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Date of Award

Summer 2021

Rights

Access restricted for 2 years to EWU users with an active EWU NetID

Date Available to Non-EWU Users

2023-08-13

Document Type

Thesis: EWU Only

Degree Name

Master of Science (MS) in Biology

Department

Biology

Abstract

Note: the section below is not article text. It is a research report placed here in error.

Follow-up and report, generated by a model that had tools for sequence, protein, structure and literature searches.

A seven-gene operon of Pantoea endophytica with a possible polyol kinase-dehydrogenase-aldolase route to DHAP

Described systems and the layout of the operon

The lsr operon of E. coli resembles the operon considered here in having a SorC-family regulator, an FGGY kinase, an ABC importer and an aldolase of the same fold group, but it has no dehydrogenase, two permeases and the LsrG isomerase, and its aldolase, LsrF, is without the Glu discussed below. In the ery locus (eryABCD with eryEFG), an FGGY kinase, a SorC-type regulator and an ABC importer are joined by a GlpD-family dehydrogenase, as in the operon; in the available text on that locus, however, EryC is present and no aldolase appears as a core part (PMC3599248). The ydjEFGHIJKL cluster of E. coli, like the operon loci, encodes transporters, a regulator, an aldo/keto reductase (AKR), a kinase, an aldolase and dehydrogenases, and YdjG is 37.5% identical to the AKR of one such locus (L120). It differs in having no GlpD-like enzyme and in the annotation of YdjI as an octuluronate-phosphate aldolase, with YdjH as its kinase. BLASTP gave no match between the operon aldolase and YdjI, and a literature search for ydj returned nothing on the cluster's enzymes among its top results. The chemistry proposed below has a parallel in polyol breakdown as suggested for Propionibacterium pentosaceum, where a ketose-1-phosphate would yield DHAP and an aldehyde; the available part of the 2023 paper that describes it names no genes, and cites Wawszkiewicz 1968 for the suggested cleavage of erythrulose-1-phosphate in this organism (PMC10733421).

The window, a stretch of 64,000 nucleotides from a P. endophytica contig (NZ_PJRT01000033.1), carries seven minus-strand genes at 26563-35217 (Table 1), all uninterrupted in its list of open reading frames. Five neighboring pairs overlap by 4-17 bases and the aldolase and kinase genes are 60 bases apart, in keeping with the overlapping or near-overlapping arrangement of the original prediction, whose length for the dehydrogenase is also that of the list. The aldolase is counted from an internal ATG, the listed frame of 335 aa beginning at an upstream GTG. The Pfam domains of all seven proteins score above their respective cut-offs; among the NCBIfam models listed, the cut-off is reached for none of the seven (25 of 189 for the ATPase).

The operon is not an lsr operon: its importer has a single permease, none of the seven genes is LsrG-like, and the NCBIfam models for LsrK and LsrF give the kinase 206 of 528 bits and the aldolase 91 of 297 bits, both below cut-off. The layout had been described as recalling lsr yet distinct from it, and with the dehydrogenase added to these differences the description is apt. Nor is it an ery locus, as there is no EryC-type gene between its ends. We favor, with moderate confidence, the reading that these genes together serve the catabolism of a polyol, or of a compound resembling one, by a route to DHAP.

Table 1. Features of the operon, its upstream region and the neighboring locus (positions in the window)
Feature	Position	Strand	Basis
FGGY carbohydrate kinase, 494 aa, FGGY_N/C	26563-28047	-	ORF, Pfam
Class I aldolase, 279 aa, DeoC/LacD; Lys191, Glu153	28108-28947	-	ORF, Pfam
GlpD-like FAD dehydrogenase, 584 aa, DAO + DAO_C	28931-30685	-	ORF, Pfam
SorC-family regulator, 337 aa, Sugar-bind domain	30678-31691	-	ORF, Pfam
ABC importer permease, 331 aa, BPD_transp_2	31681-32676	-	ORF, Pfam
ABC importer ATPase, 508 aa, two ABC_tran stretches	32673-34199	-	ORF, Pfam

Chronic inflammation stems from the inability of the body to resolve acute inflammation. Chronic inflammation is a growing health concern, as nearly 60% of Americans reported coping with at least one chronic condition (as of 2014). On a world scale, three fifths of deaths result from a chronic inflammation disease. Treatments for chronic inflammation include lifestyle changes (diet and exercise) and a variety of conventional drugs. Beyond these treatments, supplementing the body with systemic enzymes may attenuate inflammation. One promising enzyme is serratiopeptidase. Serratiopeptidase is a serine protease expressed by Serratia marcescens which has demonstrated anti-inflammatory, anti-edemic, and analgesic activity in laboratory studies and pre-clinical trials. Clinical trial data is less convincing, likely because the enzyme delivered is not bioavailable to the body after it passes through the stomach. To circumvent this issue, we proposed developing a plasmid vector that, when transformed into the probiotic Lactococcus lactis, would allow for bioactive serratiopeptidase production within the gut; thus, increasing bioavailability. The vector designed was delivered from the synthesis company in two fragments (they failed to assemble to full vector). After successfully, assembling the vector, the selection system in the commercial L. lactis strain we chose did not work as advertised in our hands. We introduced antibiotic resistance into the vector to facilitate the selection process after transformation. Unfortunately, the vector with antibiotic failed to transform L. lactis indicating some unknown problem with the vector / host system.

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